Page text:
Illini Hearing - Champaign and Mahomet, IL

Man making his ears pop on an airplane.

Have you ever been on an airplane and you start to have problems with pressure in your ears? Where your ears suddenly feel plugged? Possibly someone you know recommended you try chewing gum. And you probably don’t even know why this is sometimes effective. Here are a few tricks for popping your ears when they feel blocked.

Your Ears And Pressure

Turns out, your ears are pretty good at regulating air pressure. Thanks to a useful little piece of physiology called Eustachian tubes, the pressure of the outside world is able to be regulated, adjusted, and equalized inside of your ears. Normally.

There are some instances when your Eustachian tubes might have difficulty adjusting, and irregularities in air pressure can cause issues. If you’re ill, for example, or there is a lot of fluid buildup in the back of your ears, you could start dealing with something known as barotrauma, an unpleasant and often painful sensation of the ears due to pressure difference. At higher altitudes, you experience a small amount of this exact situation.

The majority of the time, you won’t detect changes in pressure. But you can feel pressure, pain, and crackling if your Eustachian tubes aren’t working properly or if the pressure changes are abrupt.

Where’s That Crackling Coming From?

You may become curious where that crackling is coming from because it’s not typical in day to day situations. The crackling noise is often compared to the sound of “Rice Krispies”. In many cases, what you’re hearing is air moving around blockages or obstacles in your eustachian tubes. Unregulated changes in air pressure, failure of the eustachian tubes, or even congestion can all be the cause of those obstructions.

Equalizing Ear Pressure

Any crackling, particularly if you’re at high altitudes, will usually be caused by pressure imbalances. In that circumstance, you can try the following technique to neutralize ear pressure:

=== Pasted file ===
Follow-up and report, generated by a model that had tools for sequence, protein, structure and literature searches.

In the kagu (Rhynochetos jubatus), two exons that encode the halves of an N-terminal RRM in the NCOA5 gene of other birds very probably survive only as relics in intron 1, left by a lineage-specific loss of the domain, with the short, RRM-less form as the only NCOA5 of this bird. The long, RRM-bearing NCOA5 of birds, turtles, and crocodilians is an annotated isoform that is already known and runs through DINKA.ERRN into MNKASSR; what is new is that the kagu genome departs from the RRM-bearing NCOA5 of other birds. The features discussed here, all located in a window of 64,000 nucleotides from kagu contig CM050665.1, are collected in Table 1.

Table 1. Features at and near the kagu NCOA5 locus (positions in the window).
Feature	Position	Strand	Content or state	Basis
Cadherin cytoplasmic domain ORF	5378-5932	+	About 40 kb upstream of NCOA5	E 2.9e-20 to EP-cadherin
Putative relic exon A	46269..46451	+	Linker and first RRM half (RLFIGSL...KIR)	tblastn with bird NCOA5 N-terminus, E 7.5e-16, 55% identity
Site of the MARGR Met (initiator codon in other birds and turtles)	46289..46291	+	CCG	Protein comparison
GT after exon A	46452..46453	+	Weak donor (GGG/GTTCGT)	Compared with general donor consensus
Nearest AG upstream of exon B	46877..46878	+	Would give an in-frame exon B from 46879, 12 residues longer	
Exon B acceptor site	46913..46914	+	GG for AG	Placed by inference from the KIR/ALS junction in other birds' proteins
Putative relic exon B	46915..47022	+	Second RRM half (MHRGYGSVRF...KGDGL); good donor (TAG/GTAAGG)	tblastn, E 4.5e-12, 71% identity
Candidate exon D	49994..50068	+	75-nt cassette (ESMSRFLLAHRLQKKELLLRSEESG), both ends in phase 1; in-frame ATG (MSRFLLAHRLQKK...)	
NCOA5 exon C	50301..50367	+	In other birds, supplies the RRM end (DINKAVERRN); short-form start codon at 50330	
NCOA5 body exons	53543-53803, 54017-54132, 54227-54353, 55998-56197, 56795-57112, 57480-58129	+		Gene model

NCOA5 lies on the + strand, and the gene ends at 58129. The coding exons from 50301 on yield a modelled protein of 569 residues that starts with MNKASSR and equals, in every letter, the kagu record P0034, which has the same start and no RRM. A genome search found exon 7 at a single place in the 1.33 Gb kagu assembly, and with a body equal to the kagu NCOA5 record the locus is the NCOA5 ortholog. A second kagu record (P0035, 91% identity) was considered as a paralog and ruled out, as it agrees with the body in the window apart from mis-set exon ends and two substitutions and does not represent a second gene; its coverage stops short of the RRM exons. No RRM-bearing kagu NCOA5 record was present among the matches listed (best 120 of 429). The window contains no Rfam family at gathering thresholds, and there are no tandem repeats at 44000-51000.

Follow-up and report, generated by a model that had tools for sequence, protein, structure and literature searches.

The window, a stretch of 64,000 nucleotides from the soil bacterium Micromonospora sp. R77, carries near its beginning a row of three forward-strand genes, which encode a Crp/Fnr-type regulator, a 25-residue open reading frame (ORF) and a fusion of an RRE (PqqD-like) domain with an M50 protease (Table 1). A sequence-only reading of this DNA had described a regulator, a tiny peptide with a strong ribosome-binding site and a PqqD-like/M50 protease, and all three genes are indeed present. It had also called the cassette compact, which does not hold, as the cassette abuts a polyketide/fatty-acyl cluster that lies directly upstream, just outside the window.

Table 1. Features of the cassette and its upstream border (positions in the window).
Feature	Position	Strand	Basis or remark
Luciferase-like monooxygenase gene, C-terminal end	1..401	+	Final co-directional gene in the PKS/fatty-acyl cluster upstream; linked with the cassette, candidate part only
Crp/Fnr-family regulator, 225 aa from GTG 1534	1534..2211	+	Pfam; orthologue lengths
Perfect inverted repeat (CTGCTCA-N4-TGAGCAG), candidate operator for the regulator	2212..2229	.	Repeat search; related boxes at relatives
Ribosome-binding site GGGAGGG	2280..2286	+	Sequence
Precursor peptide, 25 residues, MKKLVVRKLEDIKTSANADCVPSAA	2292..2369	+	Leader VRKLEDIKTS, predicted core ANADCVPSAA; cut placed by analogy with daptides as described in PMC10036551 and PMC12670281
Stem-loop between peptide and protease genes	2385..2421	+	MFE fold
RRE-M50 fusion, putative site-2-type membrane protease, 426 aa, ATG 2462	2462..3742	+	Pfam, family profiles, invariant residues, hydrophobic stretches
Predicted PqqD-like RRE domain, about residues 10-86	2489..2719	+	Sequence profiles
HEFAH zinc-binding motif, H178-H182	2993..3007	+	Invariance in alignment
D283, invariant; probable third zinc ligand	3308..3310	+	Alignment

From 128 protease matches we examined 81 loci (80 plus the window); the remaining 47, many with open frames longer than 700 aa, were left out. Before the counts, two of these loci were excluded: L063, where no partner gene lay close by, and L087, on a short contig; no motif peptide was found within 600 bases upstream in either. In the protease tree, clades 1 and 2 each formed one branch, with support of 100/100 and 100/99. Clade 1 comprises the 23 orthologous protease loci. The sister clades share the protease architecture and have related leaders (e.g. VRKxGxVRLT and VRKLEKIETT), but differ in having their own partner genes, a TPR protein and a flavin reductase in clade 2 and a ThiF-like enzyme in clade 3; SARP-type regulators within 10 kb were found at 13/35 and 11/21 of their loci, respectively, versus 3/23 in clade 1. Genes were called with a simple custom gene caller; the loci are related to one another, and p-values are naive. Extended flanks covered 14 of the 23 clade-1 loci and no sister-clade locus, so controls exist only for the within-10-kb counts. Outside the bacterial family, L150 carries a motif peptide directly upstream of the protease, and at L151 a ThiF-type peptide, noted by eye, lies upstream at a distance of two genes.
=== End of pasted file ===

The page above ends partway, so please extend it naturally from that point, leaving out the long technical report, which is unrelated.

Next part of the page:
• Valsalva Maneuver: Try this if you’re still having difficulty: after pinching your nose and shutting your mouth, try blowing out without allowing any air escape. Theoretically, the pressure should be neutralized when the air you try to blow out passes over your eustachian tubes.
  • Yawn: For the same reason that swallowing can be effective, try yawning. (if you can’t yawn on command, try imagining someone else yawning, that will usually work.)
  • Frenzel Maneuver: Okay, try this tactic. Pinch your nose, shut your mouth, and make “k” noises with your tongue. Clicking may also work.
  • Swallow: The muscles that activate when swallowing will force your eustachian tubes to open, equalizing the pressure. This also sheds light on the common advice to chew gum on a plane; the chewing causes you to swallow, and swallowing is what causes the ears to equalize.
  • Toynbee Maneuver: This is really just swallowing in an elaborate way. With your mouth closed, pinch your nose and swallow. If you take water in your mouth (which will help you keep your mouth closed) it might help.

Devices And Medications

There are devices and medications that are designed to manage ear pressure if none of these maneuvers help. The cause of your barotrauma and it’s intensity will determine if these techniques or medications are correct for you.

Special earplugs will work in some situations. Nasal decongestants will be appropriate in other situations. Your situation will dictate your remedy.

What’s The Trick?

Finding what works best for you and your eustachian tubes is the real secret.

But you should schedule an appointment to see us if you can’t shake that feeling of obstruction in your ear. Because this can also be a symptom of loss of hearing.


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The site information is for educational and informational purposes only and does not constitute medical advice. To receive personalized advice or treatment, schedule an appointment.
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